458
Figure 22.19
Problem 7. Sketch y =
A = 0◦ to A = 360◦
5 sin(A + 30◦ )
from
Problem 9. Sketch y = 2 cos(ωt − 3π/10) over
one cycle
Amplitude = 2 and period = 2π/ω rad
Amplitude = 5 and period = 360◦/1 = 360◦
5 sin(A + 30◦ ) leads 5 sin A by 30◦ (i.e. starts 30◦
earlier).
A sketch of y = 5 sin(A + 30◦ ) is shown in
Figure 22.20.
2 cos(ωt − 3π/10) lags 2 cosωt by 3π/10ω seconds.
A sketch of y = 2 cos(ωt − 3π/10) is shown in
Figure 22.22.
y
Problem 8. Sketch y = 7 sin(2 A − π/3) in the
range 0 ≤ A ≤ 360◦
3/10 rads
2
y 5 2 cos t
y 52 cos(t 23/10)
Amplitude = 7 and period = 2π/2 = π radians
0
In general, y = sin(pt − α) lags y = sin pt by α/p,
hence 7 sin(2 A − π/3) lags 7 sin 2 A by (π/3)/2, i.e.
π/6 rad or 30◦
A sketch of y = 7 sin(2 A − π/3) is shown in
Figure 22.21.
22
Figure 22.22
/2
/
3/2
2/
t
214.
202 Basic Engineering Mathematics
ω
hertz.
2π
1
2π
seconds i.e. T =
.
(d) periodic time, T =
ω
f
(c) frequency, f =
Now try the following Practice Exercise
Practice Exercise 88 Trigonometric
waveforms (answers on page 350)
1.
A sine wave is given by y = 5 sin 3x. State its
peak value.
2.
A sine wave is given by y = 4 sin 2x. State its
period in degrees.
3.
A periodic function is given by y = 30 cos5x.
State its maximum value.
4.
A periodic function is given by y = 25 cos3x.
State its period in degrees.
In problems 5 to 11, state the amplitude and period
of the waveform and sketch the curve between 0◦
and 360◦.
5x
5. y = cos 3 A
6. y = 2 sin
2
θ
7. y = 3 sin 4t
8. y = 5 cos
2
7
3x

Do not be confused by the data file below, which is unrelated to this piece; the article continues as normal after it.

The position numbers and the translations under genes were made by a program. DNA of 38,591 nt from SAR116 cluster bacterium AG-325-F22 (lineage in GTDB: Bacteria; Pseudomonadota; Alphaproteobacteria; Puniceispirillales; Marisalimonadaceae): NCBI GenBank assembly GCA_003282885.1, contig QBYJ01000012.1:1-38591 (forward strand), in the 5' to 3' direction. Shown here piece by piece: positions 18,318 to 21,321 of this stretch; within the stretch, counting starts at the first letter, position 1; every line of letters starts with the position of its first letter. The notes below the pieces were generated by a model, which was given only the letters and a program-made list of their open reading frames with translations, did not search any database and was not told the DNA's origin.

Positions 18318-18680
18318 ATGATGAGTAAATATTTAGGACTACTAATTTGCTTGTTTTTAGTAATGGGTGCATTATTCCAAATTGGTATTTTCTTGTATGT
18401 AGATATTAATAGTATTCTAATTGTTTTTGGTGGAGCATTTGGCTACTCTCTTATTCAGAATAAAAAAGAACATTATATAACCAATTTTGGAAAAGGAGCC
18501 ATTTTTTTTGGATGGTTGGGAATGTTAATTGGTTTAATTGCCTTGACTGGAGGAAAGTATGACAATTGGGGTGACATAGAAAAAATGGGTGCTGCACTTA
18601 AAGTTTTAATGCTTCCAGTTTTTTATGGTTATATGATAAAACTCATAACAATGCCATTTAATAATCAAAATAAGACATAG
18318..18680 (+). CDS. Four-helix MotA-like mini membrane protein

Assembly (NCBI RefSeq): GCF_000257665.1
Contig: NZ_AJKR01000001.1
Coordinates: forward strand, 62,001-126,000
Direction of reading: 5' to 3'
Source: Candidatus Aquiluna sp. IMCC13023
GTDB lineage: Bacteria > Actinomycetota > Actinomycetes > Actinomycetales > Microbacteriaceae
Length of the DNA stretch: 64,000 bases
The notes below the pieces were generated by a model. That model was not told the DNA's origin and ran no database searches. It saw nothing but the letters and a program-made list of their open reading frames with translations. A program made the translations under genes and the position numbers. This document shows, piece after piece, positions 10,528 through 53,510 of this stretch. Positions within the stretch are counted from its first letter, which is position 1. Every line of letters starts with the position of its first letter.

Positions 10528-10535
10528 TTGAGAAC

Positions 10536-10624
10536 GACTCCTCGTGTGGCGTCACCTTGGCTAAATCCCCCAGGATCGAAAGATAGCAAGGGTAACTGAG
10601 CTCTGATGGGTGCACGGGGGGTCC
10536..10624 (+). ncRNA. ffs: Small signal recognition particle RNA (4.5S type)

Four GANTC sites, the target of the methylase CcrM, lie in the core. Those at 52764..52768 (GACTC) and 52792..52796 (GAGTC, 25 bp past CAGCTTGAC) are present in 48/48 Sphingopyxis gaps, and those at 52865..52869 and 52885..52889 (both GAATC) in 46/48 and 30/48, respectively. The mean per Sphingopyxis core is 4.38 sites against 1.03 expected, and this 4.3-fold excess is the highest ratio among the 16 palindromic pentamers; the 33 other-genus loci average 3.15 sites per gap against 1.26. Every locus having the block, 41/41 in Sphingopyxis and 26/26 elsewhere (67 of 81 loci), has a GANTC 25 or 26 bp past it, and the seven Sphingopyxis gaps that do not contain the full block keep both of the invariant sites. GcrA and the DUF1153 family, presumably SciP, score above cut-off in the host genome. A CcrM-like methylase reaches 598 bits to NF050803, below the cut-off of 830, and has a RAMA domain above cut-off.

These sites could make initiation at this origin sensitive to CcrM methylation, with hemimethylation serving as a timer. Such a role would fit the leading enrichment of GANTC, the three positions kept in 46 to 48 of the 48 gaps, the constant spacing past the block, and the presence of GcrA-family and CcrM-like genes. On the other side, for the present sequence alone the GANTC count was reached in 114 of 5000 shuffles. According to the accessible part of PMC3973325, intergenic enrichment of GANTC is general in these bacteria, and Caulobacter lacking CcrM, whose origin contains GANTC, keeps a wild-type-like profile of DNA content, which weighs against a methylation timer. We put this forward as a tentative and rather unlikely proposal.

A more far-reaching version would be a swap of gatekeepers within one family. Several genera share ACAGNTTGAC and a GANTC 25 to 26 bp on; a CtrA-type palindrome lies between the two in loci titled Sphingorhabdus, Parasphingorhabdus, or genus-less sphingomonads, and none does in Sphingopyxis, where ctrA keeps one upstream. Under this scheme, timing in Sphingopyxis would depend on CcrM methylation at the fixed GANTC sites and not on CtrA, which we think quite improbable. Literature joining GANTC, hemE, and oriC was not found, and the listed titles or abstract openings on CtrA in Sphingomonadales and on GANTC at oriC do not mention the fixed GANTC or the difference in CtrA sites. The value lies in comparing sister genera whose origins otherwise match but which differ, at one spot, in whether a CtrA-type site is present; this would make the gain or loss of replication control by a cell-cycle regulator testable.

9. y = sin
10. y = 6 sin(t − 45◦ )
2
8
11. y = 4 cos(2θ + 30◦ )
12.
The frequency of a sine wave is 200 Hz.
Calculate the periodic time.
13.
Calculate the frequency of a sine wave that
has a periodic time of 25 ms.
14.
Calculate the periodic time for a sine wave
having a frequency of 10 kHz.
15.
An alternating current completes 15 cycles in
24 ms. Determine its frequency.
16.
Graphs of y1 = 2 sin x and
y2 = 3 sin(x + 50◦ ) are drawn on the same
axes. Is y2 lagging or leading y1?
17.
Graphs of y1 = 6 sin x and
y2 = 5 sin(x − 70◦ ) are drawn on the same
axes. Is y1 lagging or leading y2?
22.5
Sinusoidal form: A sin(ωt ± α)
If a sine wave is
y = A sin(ωt ± α) then
expressed
in
the
form
(e) α = angle of lead or lag (compared with
y = A sin ωt ).
Here are some worked problems involving the sinusoidal form A sin(ωt ± α).
Problem 10. An alternating current is given by
i = 30 sin(100πt + 0.35) amperes. Find the
(a) amplitude, (b) frequency, (c) periodic time and
(d) phase angle (in degrees and minutes)
(a)
i = 30 sin(100πt + 0.35)A; hence,
amplitude = 30 A.
(b) Angular velocity, ω = 100π, rad/s, hence
frequency, f =
(c)
Periodic time, T =
100π
ω
=
= 50 Hz
2π
2π
1
1
=
= 0.02 s or 20 ms.
f
50
(d) 0.35 is the angle in radians. The relationship
between radians and degrees is